Second, Third, and Fourth submissions to Morpheus’ Agon

He who gives me what I rarely remember
by Grant

Morpheus, Great God of Dreams, I have a question to ask of you:
Why do I so rarely remember my dreams?

I know that I do dream; all humans do, even my kind.
And yet, I so rarely remember mine.

And what I do remember is so tantalizing, it draws me back to sleep,
To trade the mundane of waking life for the majesty of dream.

Perhaps that is why Morpheus, in His Divine wisdom,
does not allow me to remember my dreams.

For the Gods are above us, and their gifts are Theirs to parcel out as needed.
And that has always been the way of things; though our society refuses to acknowledge it.
I understand that truth – I learned it a dream I do remember.

And now I hail He who gives me what I rarely remember.
Hail Morpheus!

 

My Dead, of whom I can always dream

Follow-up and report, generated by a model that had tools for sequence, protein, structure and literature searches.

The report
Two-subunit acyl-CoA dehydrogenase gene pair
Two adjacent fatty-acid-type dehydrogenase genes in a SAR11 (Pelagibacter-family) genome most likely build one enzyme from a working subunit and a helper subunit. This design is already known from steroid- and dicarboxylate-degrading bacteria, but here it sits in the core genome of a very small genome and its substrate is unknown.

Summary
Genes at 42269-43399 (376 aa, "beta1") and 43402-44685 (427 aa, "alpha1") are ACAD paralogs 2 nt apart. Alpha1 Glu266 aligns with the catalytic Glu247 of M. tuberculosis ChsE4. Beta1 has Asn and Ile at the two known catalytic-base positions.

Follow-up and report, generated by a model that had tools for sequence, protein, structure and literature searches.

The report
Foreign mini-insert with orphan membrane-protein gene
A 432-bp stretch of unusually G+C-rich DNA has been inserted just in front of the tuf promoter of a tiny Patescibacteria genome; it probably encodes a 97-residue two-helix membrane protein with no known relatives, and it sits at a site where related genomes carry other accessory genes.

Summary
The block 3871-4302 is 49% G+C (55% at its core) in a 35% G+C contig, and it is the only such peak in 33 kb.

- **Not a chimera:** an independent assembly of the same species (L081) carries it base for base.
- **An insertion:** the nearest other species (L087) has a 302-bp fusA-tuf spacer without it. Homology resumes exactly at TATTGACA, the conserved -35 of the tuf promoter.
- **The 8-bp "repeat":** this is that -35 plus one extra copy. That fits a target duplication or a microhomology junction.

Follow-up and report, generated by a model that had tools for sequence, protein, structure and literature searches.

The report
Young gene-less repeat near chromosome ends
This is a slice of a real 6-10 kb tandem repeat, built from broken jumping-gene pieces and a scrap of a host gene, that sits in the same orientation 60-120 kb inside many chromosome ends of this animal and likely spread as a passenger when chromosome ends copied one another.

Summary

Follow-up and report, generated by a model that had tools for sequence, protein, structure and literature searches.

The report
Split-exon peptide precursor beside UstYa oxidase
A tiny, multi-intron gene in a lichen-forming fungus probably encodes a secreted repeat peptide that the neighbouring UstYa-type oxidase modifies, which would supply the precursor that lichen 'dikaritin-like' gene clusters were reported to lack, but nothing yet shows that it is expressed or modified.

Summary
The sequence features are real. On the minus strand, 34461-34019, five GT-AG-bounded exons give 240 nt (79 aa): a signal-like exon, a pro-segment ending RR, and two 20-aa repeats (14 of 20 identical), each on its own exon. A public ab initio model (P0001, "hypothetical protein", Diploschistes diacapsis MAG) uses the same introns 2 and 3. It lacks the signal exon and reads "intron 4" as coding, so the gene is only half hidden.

by Grant

Perhaps someone who does not live the veneration of the Dead,
Might naively believe that those who do never feel the pain of loss.
Sadly, that is not the case.

Indeed, some days – in my opinion – it is even worse;
We talk as though face to face, with those who have traveled to that undiscovered country,
And that makes it all the more terrible when we cannot feel their comforting touch again,
When their presence is spiritual, rather than physical,
When their voices are the muffled moans of the buried Dead.

But all praise be, to the Great God of Dreams.
For Morpheus, so noble is He,
He who allows us mortals the gift of dreams.
And we can always meet our Dead in our dreams.
And feel their touch again. And smell their smell again.
And hear their voices with our ears, not just our hearts.

 

Musing on Morpheus, Mnemosyne, and Mortality
by Grant

The God of Dreams and the Goddess of Memories – what is the connection?
And why do thoughts of both come into my mind in connection with my Dead?